For example, acetaminophen (an active ingredient in painkilling drugs) has few side effects for patients with high blood pressure (Griffin 1). In other words, this compound does not raise the blood pressure. Nonetheless, regardless of the absence of significant side effects for a specific group of drugs, they still have their own side effects (which do not directly relate to the management of high blood pressure).

Therefore, from this understanding, Griffin (1) cautions patients with high blood pressure from taking prescription drugs for more than ten days.

The potential danger of drugs to inhibit blood flow to the kidney is one effect that manifests as a major concern for patients with high blood pressure (the inhibited blood flow to the kidney slows the functions of the kidneys) (Griffin 1).

Therefore, instead of the kidneys filtering blood more efficiently, it is slow to achieve this purpose (consequently, many fluids increase in the blood and the blood pressure increases) (American Heart Association 1). The increased high blood pressure is especially worse for patients who suffer from some form of heart complication.

Research has proved that when prescription drug use is common, there may be a potential complete damage to the kidneys (Griffin 1). This risk begs the question regarding what patients with high blood pressure should do when they have another discomfort (like a headache or a cold). To answer this question, Griffin (1) suggests that safe drugs (like asprin) are safe to medicate such patients.

Alternative Treatments Since many drug treatment methods have side effects, doctors who have warned against the effects of drug treatment, propose the adoption of alternative treatment methods. This section of the paper concentrates on explaining five alternative treatment methods, proposed by Mayo Clinic (1) to be extremely effective in reducing high blood pressure. One alternative treatment is reducing the body weight and watching the waistline.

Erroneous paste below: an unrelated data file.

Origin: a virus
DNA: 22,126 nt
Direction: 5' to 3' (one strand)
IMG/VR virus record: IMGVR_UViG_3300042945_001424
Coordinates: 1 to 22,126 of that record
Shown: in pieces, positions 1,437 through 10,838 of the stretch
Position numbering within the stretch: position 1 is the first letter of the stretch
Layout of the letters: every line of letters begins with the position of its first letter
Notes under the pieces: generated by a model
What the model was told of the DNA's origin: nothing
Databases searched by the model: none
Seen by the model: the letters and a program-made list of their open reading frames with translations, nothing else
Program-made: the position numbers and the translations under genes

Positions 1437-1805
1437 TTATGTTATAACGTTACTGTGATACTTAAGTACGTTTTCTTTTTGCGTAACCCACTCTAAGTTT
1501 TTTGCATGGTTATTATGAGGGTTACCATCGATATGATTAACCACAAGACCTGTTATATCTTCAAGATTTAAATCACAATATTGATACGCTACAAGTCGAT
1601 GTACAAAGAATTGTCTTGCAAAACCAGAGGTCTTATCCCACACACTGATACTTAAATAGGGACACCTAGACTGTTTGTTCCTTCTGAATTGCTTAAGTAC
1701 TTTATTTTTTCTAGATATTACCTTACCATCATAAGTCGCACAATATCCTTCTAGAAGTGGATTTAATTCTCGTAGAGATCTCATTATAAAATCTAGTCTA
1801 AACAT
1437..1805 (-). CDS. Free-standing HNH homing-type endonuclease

The effectiveness of reducing body weight traces its roots from the relation between body weight and blood pressure. Mayo Clinic (1) confirms that there is a positive relation between high blood pressure and excessive body weight. From this relationship, Mayo Clinic (1) proves that reducing even ten pounds of body weight is likely to have a positive impact on blood pressure reduction. Finally, Mayo Clinic (1) explains that body weight reduction also improves the efficiency of drug treatment.

Another alternative treatment for high blood pressure is regular exercising. Regular exercising has enormous benefits. In fact, Mayo Clinic (3) recommends patients to exercise for an hour (everyday) to reduce their blood pressure by about four to nine millimeters of mercury (mm Hg). Observing regular exercise is also one way patients with mild high blood pressure can reduce their risk of developing severe high blood pressure (Divine 74).

Divine (74) however warn patients against doing strenuous exercises (say, twice a week) to compensate for other days of the week. Eating a healthy diet is also another medication-free treatment that has a positive effect on reducing blood pressure. Like exercising, eating a healthy diet not only has a positive effect on reducing blood pressure but also on improving the overall health of the patients.

However (concentrating on high blood pressure), it is important to highlight that eating a lot of grains, fruits, vegetables and low-cholesterol foods can reduce the blood pressure significantly (by about 14 mm Hg) (Mayo Clinic 3). This treatment plan defines the dietary approach to blood pressure reduction.

Reducing sodium in the diet is also another treatment plan that has a high efficacy when treating high blood pressure. Indeed, high sodium levels are associated with high blood pressure because even slight reductions of sodium in the diet have a two to eight mm Hg reduction in blood pressure (the recommended level of sodium consumption should be limited to 2,300 milligrams every day) (Mayo Clinic 3).